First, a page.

Type 2 diabetes is a condition characterized by high blood glucose levels associated with a lack of insulin, or the body’s inability to use insulin efficiently. Most often, diabetes is diagnosed in patients who are middle-aged and older, but can also be diagnosed in children, teens, and young people. The following terms may be useful for healthcare providers to explain when educating patients about their disease:
A cell located in the pancreas that makes insulin.
A type of fat produced by the liver and found in the blood. The body uses cholesterol to make hormones and build cell walls. Also known as blood lipid.
The main sugar found in the blood and the body’s main source of energy.
Hemoglobin A1C test
Measure of a person’s average blood glucose level over the past 2 to 3 months. Hemoglobin is the part of a red blood cell that carries oxygen to the cells and sometimes joins with the glucose in the bloodstream. The test shows the amount of glucose that sticks to the red blood cell, which is proportional to the amount of glucose in the blood. Also known as glycosylated hemoglobin.
High-density lipoprotein (HDL) cholesterol
A fat found in the blood that takes extra cholesterol from the blood to the liver for removal, sometimes called “good” cholesterol.
Impaired fasting glucose
A condition in which a fasting blood glucose test shows a level of glucose higher than normal (ie, a level of 100-125 mg/dL), but not high enough for a diagnosis of diabetes; also known as prediabetes.
Impaired glucose tolerance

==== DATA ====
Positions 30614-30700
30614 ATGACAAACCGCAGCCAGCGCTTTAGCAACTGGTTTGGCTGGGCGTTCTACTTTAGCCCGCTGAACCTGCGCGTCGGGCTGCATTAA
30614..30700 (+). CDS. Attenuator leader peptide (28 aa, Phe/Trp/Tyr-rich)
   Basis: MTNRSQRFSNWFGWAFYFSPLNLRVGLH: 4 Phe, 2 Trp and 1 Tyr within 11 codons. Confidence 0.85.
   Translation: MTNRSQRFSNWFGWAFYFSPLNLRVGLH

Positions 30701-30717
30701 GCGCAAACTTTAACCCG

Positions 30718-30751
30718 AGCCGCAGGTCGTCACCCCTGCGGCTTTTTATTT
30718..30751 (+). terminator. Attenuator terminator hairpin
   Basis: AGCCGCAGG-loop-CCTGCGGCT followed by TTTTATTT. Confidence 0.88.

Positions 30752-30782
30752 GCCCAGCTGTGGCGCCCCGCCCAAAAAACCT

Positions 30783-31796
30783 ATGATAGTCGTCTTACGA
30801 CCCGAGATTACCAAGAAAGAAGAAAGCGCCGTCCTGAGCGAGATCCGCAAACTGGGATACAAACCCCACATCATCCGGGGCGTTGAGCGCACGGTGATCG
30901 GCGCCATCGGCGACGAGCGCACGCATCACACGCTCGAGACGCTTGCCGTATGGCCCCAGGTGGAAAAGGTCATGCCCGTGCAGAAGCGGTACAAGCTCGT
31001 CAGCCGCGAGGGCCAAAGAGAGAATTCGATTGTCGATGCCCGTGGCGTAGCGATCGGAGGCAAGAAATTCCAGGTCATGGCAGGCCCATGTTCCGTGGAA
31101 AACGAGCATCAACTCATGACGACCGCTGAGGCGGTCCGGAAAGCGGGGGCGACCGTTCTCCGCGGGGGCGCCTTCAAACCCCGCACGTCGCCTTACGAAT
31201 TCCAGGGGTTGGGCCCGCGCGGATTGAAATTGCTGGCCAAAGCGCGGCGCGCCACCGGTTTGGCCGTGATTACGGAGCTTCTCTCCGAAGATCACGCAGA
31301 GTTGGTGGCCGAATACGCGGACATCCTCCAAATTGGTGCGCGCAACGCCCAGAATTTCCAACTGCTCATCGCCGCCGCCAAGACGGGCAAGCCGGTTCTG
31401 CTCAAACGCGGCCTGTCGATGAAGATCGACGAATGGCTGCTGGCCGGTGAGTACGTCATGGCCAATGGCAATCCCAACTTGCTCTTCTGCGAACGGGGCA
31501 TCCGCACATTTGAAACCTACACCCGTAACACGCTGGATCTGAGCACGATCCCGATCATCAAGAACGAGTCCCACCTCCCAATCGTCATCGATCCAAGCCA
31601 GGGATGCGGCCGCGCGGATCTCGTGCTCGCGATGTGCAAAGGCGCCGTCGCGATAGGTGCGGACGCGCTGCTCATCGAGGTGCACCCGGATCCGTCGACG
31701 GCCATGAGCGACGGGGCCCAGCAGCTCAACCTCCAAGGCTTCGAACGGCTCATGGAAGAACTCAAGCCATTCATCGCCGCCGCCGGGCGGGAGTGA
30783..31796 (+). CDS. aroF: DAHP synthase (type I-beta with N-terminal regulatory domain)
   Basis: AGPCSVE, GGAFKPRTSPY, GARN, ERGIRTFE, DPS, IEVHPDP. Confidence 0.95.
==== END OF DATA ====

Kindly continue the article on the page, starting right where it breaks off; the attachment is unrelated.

When blood glucose levels are higher than normal (ie, a level of 140-199 mg/dL 2 hours after starting an oral glucose tolerance test), but are not high enough for a diagnosis of diabetes; also known as prediabetes.
A hormone that helps the body use glucose for energy. The beta cells of the pancreas make insulin. When the body cannot make enough insulin, insulin is taken by injection or other means.
The body’s inability to respond to and use the insulin it produces. Insulin resistance may be linked to obesity, hypertension, and high levels of fat in the blood.
Low-density lipoprotein (LDL) cholesterol
A fat found in the blood that takes cholesterol around the body to where it is needed for cell repair, and also deposits it on the inside of artery walls; sometimes called “bad” cholesterol.
A condition classified in people who have blood glucose or hemoglobin A1C levels higher than normal but not high enough to be classified as diabetes. People with prediabetes have an increased risk of developing type 2 diabetes, heart disease, and stroke.
- Centers for Disease Control and Prevention. Glossary of terms. www.cdc.gov/diabetes/library/glossary.html. Updated October 29, 2014. Accessed January 5, 2016.